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Mathematical Modeling of Stem-Cell-Driven Processes

Adult stem cells are unspecialized cells with the ability to give rise to multiple types of functional cells. Rare quantities of adult stem cells exist in many tissues. Their population persists over the whole life and they are responsible for tissue maintenance, repair and regeneration. For this reason stem cells play an important role in regenerative medicine.

Similar as healthy tissues many cancers are maintained by stem cells. The so-called cancer stem cells are maligant cells that give rise to the cancer cell bulk. Cancer stem cells are resistant to standard treatments and trigger relapse.

Mechanistic mathematical models are a description of biological processes in mathematical terms. They allow to rigorously study complex systems using mathematical tools and computer simulations. Mathematical models help to compare competing hypotheses and to quantify processes that cannot be measured directly. Thus they provide insights that are complementary to experimental knowledge.

Especially in a clinical setting experimental possibilities are limited. Mathematical models can help to quantify relevant disease characteristics based on data from individual patients. This is an important contribution to personalized medicine. Classification of individual disease dynamics, personalized risk scoring and adaptation of treatment schedules to the specific needs of a patient are important aims of mathematical modeling in systems medicine/computational medicine.

The links below provide an overview of specific research topics and results.

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Blood cell formation and stem cell transplantation

Blood cell formation (hematopoiesis) is maintained by hematopoietic stem cells (HSC) that reside in the bone marrow and give rise to all types of mature blood cells. Mathematical models help to understand how blood cell formation is regulated and how this can be used to optimize clinical interventions such as bone marrow transplantation.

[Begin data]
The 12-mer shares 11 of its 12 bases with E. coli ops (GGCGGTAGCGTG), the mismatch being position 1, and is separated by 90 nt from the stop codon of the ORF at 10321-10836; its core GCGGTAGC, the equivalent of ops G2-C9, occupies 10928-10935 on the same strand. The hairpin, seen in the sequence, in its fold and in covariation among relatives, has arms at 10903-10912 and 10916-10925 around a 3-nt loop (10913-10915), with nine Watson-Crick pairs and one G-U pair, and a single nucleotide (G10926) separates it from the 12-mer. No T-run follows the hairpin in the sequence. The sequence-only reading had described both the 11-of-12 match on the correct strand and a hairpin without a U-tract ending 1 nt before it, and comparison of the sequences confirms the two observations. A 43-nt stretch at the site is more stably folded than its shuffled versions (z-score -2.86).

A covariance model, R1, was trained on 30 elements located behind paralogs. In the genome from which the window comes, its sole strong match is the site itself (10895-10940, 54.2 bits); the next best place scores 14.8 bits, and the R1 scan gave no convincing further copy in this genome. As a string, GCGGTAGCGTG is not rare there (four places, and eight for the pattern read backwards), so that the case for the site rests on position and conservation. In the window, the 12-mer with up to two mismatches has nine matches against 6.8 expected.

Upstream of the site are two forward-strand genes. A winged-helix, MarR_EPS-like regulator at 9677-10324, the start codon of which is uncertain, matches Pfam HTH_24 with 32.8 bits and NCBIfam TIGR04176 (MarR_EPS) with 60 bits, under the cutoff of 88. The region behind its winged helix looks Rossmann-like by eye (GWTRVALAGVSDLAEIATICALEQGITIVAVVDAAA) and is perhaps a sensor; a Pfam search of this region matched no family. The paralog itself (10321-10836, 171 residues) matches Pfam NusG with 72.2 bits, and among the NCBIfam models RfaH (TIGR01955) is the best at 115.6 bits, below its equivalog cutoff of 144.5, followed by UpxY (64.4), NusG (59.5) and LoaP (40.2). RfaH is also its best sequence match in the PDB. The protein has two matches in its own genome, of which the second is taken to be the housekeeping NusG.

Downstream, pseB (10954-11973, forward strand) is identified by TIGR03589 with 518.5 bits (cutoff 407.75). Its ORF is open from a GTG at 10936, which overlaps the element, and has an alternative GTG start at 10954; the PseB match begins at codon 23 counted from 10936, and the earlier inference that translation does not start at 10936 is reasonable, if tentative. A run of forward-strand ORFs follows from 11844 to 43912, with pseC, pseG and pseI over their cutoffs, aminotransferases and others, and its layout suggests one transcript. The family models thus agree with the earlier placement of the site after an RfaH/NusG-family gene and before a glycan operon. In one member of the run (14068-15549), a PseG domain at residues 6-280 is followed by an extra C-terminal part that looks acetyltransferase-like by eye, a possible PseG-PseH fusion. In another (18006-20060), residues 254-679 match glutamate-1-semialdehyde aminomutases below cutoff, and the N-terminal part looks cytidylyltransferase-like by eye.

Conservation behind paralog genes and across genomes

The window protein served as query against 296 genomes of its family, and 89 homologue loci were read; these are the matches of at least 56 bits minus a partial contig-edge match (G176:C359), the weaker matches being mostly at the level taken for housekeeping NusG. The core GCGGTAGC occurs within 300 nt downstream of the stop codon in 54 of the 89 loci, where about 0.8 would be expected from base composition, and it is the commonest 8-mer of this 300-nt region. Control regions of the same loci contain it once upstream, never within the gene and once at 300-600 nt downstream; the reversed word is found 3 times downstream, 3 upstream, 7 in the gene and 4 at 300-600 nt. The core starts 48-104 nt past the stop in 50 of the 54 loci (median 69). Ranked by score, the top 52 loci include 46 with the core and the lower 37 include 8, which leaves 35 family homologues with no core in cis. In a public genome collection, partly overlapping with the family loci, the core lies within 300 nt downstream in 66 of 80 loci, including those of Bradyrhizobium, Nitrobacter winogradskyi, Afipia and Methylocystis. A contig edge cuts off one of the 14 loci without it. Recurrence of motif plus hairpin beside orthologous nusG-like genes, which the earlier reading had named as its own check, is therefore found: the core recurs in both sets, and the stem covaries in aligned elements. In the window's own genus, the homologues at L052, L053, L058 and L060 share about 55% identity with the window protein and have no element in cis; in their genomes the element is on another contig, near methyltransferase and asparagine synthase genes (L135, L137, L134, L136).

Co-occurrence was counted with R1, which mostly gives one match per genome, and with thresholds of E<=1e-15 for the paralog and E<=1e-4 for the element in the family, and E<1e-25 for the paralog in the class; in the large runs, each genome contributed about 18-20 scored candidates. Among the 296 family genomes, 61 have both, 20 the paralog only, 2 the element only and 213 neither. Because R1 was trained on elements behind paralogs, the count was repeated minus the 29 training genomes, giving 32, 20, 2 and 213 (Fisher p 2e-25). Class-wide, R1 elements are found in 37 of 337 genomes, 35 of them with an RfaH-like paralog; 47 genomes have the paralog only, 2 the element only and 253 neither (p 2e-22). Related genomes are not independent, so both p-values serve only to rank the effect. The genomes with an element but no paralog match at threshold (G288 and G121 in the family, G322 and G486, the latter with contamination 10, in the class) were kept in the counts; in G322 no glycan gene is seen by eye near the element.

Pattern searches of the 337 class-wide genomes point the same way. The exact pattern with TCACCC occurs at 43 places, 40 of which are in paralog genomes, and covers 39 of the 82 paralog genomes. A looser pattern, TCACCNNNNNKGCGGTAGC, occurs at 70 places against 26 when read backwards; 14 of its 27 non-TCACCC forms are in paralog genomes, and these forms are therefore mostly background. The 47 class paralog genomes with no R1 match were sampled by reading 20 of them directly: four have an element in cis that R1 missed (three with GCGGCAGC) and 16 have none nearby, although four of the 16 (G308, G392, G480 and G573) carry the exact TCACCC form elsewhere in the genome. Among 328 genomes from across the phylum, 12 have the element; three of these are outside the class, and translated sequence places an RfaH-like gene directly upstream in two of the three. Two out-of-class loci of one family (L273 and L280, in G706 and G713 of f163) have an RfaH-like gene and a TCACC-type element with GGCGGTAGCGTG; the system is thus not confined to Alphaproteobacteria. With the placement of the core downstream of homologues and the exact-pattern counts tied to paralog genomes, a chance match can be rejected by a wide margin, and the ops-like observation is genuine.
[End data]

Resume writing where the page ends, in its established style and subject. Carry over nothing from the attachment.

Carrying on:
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Cancers of the blood forming system

Cancers of the blood forming system are a very heterogeneous group of diseases. An important example is acute myeloid leukemia. It is driven by leukemic stem cells that resist treatment and trigger relapse. Mathematical models can help to characterize leukemic stem cell properties and to predict the clinical course of the disease.

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Stem cell aging

The regenerative capacity and the functionality of tissues decline with age. These processes are related to changes of stem cell properties. Especially in the context of regenerative medicine or tissue transplantations it is relevant to understand and counteract age-related stem cell impairments. Mathematical models can help to understand and quantify how stem cell properties change with age.

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Adult Neurogenesis

Learning and cognition require lifelong formation of neurons. Formation of neurons in the adult brain is driven by a small population of neural stem cells. Mathematical models help to quantify neural stem cell properties and their change during aging.

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Plant stem cell dynamics

Plants maintain pools of active stem cells to continuously generate new organs such as leaves and flowers. The plant stem cells are located in specialized tissues, so-called meristems. Mathematical models contribute to the mechanistic understanding of meristem regulations and mutant phenotypes.

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  • Model reduction and quasi-steady state approximation
  • Multi-scale modeling of mammalian follicular development